SMEs in the United Kingdom which have been struggling to get paid from their larger B2B corporate clients appear to be in for a sigh of relief.
Industry regulators have entered the financial arena of SMEs in the country and have worked out a system to gradually ease this larger supplier sector, from the pains of the extended debt settlement terms agreed with their B2B clients.
Extraction of extended payment terms from small suppliers has been a ruthless practice of the bigger players in the industry, even globally, and this has resulted in the SME sector facing huge cash-flow problems for years.
In the UK, the regulator authority has come up with a ‘Duty-to-Report Rule Book’, which requires corporations operating on British soil to make their B2B payment practices public. The regulations came in effect last month.
The legislation also lays down that non-compliance to the Rule Book would attract heavy penalties and the business entities would risk being booked for a criminal offence, if information about timely supplier payments is not shared.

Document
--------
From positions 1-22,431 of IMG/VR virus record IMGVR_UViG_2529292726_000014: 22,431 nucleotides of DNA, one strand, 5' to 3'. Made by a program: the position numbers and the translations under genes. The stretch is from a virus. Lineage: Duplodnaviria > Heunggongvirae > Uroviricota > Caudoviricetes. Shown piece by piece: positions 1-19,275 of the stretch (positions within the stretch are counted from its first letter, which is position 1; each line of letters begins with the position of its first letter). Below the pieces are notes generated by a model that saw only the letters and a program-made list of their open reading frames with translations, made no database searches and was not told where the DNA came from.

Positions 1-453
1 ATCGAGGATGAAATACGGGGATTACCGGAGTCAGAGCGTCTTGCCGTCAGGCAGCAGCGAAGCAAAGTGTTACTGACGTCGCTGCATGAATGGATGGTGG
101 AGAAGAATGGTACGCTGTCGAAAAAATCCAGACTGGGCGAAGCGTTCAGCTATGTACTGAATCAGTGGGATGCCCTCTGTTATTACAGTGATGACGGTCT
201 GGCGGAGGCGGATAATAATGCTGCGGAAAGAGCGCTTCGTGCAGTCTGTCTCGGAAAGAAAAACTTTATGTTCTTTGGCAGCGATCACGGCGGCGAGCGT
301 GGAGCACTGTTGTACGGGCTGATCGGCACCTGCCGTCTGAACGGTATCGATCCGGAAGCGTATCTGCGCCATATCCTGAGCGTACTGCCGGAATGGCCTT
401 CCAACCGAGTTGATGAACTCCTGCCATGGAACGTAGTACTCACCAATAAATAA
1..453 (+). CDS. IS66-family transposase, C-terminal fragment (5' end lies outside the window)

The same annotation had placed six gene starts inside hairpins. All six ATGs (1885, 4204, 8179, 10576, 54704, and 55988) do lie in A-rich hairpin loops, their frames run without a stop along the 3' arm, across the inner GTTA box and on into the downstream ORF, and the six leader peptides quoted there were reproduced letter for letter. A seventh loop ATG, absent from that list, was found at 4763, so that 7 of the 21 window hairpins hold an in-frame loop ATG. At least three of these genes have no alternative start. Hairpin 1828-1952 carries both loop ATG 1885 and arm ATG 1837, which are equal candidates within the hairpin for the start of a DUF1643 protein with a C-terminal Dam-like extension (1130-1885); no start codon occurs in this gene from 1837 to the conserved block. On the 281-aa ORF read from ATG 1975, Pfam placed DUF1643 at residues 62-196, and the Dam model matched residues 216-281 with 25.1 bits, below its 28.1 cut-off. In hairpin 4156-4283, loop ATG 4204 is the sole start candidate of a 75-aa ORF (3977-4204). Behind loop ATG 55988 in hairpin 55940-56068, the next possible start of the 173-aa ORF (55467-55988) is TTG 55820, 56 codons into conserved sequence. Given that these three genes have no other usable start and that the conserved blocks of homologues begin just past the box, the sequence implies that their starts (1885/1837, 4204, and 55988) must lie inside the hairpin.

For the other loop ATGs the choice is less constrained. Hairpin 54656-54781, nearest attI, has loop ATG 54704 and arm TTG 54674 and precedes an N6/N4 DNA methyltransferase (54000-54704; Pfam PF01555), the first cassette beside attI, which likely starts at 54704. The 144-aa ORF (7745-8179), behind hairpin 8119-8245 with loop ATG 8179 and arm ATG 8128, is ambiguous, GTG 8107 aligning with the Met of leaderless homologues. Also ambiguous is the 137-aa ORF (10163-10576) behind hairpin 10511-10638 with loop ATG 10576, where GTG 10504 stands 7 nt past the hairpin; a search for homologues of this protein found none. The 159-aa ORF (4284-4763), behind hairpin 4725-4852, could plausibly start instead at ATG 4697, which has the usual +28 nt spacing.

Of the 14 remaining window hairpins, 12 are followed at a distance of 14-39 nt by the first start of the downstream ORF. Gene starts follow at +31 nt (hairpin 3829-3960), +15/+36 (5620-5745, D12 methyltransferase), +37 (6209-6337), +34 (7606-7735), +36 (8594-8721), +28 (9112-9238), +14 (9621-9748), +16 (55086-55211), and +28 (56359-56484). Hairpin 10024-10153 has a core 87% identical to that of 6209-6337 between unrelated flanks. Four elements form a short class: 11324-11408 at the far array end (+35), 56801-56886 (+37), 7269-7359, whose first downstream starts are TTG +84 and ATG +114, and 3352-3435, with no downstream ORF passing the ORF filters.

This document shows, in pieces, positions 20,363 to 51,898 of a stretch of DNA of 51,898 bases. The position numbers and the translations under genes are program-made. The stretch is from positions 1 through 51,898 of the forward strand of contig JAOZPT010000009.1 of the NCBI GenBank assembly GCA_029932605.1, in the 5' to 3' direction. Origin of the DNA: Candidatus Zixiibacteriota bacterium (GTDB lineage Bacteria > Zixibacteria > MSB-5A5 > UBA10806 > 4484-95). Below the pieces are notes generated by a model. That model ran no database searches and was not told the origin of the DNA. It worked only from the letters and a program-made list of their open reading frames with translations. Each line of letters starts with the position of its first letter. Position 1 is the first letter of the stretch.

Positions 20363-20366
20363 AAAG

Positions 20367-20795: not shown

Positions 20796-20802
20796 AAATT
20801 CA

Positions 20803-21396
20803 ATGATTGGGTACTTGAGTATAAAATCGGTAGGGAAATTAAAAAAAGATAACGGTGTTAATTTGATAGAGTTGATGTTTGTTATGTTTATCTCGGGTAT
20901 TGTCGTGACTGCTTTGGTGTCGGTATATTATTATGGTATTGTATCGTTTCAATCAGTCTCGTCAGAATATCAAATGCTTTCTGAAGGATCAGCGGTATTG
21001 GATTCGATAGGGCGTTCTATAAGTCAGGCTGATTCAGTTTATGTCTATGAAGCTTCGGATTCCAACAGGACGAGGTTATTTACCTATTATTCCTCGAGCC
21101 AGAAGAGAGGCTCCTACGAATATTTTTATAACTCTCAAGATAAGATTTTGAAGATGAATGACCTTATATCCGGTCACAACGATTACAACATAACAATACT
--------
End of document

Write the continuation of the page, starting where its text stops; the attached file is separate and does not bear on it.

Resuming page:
The impact of the ordinance is yet unknown as the market is awaiting sufficient information flow from the corporate sector, it is learnt.
Research has also revealed a shocking picture of the crisis these SMEs have been facing throughout these years due to such unfair practices. An overview:
- 18% of the small-scale entrepreneurs are on the brink of bankruptcy or liquidation as a direct result of late payments.
- 42% said they have been forced to take out a loan to cover cash flow issues resulting from delayed invoice settlements by clients
- 21% are struggling pay their mortgage or rent, while one-third of them are facing cash flow starved to settle business rates.
- 36% SME entrepreneurs have forgone their salaries to cover their business expenses.
- At least one-fifth among them, found no option than to sell their personal belongings to stay afloat in business.
- Over 30% of the SME owners admitted that their payments to staff have been delayed for several months, causing employee unrest and frustration.
- 29% of the respondents agreed that cash-flow crunch has affected employee morale, recruitment and retention of employees
With all these and more, entrepreneurs in the sector are more than mentally-strained and are losing sleep over financial worries. Many have fallen victims of psychological depression, anxiety neurosis and similar conditions. The percentage of such cases came to 29% of the respondents, the survey noted.